Etymology
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poppycock (n.)

"trivial talk, nonsense," 1865, American English, probably from Dutch dialect pappekak, from Middle Dutch pappe "soft food" (see pap) + kak "dung," from Latin cacare "to excrete" (from PIE root *kakka- "to defecate").

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minutia (n.)

"a small particular or detail, a trivial fact," 1751, usually in plural minutiae, from Latin minutia "smallness" (plural minutiae, in Late Latin "trifles"), from minutus "small" (from PIE root *mei- (2) "small").

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pate (n.1)

"top of the head," early 14c. (late 12c. in surnames), of unknown origin; perhaps a shortened form of Old French patene or Medieval Latin patena, both from Latin patina "pan, dish" (see pan (n.)). "[U]sually employed in a trivial or derogatory sense" [Century Dictionary].

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boondoggle (n.)
"A trivial, useless, or unnecessary undertaking; wasteful expenditure" [OED], 1935, American English, of uncertain origin, popularized during the New Deal as a contemptuous word for make-work projects for the unemployed. Said to have been a pioneer word for "gadget;" it also was by 1932 a Boy Scout term for a kind of woven braid.
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fad (n.)
1834, "hobby, pet project" (adjective faddy is from 1824), of uncertain origin. Perhaps shortened from fiddle-faddle. Or perhaps from French fadaise "trifle, nonsense," which is ultimately from Latin fatuus "stupid." From 1881 as "fashion, craze," or as Century Dictionary has it, "trivial fancy adopted and pursued for a time with irrational zeal."
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bullshit (n.)

also bull shit, "eloquent and insincere rhetoric," 1914, American English slang; see bull (n.1) + shit (n.), probably because it smells. But bull in the sense of "trivial or false statements" (1914), which usually is associated with this, might be a continuation of Middle English bull "false talk, fraud" (see bull (n.3)).

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frigid (adj.)
1620s, "intensely cold," from Latin frigidus "cold, chill, cool," figuratively "indifferent," also "flat, dull, trivial," from stem of frigere "be cold;" related to noun frigus "cold, coldness, frost," from Proto-Italic *srigos-, from PIE root *srig- "cold" (source also of Greek rhigos "cold, frost"). The meaning "wanting in sexual heat" is attested from 1650s, originally of males. Related: Frigidly; frigidness.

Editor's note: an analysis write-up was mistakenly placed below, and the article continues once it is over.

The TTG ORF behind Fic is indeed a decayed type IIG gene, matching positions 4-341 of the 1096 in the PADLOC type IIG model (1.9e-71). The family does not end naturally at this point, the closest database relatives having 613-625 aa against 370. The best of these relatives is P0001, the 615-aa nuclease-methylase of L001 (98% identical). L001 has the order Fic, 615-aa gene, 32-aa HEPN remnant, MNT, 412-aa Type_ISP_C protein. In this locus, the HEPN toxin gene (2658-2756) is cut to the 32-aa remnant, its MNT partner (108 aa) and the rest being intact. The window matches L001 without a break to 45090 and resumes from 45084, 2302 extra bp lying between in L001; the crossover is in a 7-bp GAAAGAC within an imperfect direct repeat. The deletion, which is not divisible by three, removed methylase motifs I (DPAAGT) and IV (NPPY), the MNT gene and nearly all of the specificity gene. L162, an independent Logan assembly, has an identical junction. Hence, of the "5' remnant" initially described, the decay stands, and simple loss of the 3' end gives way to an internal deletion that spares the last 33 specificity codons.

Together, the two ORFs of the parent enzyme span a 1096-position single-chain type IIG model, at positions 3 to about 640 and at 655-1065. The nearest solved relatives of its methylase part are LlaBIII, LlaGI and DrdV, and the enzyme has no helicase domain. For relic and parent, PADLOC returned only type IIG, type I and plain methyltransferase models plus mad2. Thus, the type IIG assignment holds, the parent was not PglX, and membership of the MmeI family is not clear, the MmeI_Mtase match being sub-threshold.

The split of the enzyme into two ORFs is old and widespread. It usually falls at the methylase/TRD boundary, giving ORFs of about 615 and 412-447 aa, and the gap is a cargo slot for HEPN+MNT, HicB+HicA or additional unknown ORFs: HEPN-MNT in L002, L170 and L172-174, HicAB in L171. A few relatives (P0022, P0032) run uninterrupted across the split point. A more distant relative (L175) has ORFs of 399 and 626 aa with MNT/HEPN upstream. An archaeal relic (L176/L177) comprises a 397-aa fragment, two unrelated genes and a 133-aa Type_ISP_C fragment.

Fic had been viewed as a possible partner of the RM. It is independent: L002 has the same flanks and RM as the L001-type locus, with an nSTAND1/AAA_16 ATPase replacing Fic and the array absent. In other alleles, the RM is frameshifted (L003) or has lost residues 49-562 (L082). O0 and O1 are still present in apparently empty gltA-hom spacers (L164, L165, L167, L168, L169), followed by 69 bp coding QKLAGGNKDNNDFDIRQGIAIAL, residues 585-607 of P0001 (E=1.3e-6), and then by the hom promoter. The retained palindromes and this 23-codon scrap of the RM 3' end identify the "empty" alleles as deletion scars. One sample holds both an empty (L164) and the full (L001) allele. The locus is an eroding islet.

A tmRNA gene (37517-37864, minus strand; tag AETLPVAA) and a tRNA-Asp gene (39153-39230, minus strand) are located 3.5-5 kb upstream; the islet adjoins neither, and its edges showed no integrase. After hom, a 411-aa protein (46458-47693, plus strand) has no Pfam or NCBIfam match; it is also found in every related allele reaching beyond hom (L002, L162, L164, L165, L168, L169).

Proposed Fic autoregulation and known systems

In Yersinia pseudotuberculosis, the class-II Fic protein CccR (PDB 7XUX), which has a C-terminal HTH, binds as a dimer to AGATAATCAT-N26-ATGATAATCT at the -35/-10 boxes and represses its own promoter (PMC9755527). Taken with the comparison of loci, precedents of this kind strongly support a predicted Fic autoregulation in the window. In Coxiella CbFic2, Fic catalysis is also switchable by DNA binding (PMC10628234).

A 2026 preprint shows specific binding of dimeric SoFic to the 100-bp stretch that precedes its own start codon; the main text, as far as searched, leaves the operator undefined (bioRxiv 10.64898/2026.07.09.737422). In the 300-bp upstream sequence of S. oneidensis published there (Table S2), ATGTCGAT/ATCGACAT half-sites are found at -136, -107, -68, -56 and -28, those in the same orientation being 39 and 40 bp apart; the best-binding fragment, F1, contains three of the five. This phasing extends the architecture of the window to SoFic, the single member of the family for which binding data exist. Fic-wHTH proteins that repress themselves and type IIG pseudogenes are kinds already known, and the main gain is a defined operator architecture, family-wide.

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snookums (n.)

trivial term of endearment, by 1910, from the name of the baby added in 1907 to the popular "New York World" comic strip "The Newlyweds" by U.S. cartoonist George McManus. The name is perhaps from Snooks, proper name used in Britain for "a hypothetical person" (1860; compare Joe Blow in U.S.). As an actual proper name, Snooks dates back to the Domesday Book and may be from Old English *snoc "a projecting point of land" (perhaps here with sense of "a big nose").

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horrid (adj.)

early 15c., "hairy, shaggy, bristling," from Latin horridus "bristly, prickly, rough, horrid, frightful, rude, savage, unpolished," from horrere "to bristle with fear, shudder" (see horror). Meaning "horrible, causing horror" is from c. 1600. Sense weakened 17c. to "unpleasant, offensive."

[W]hile both [horrible and horrid] are much used in the trivial sense of disagreeable, horrible is still quite common in the graver sense inspiring horror, which horrid tends to lose .... [Fowler]

Related: Horridly.

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micro- 

word-forming element meaning "small in size or extent, microscopic; magnifying;" in science indicating a unit one millionth of the unit it is prefixed to; from Latinized form of mikros, Attic form of Greek smikros "small, little, petty, trivial, slight," perhaps from PIE *smika, from root *smik- "small" (source also of Old High German smahi "littleness"), but Beekes thinks it a Pre-Greek word.

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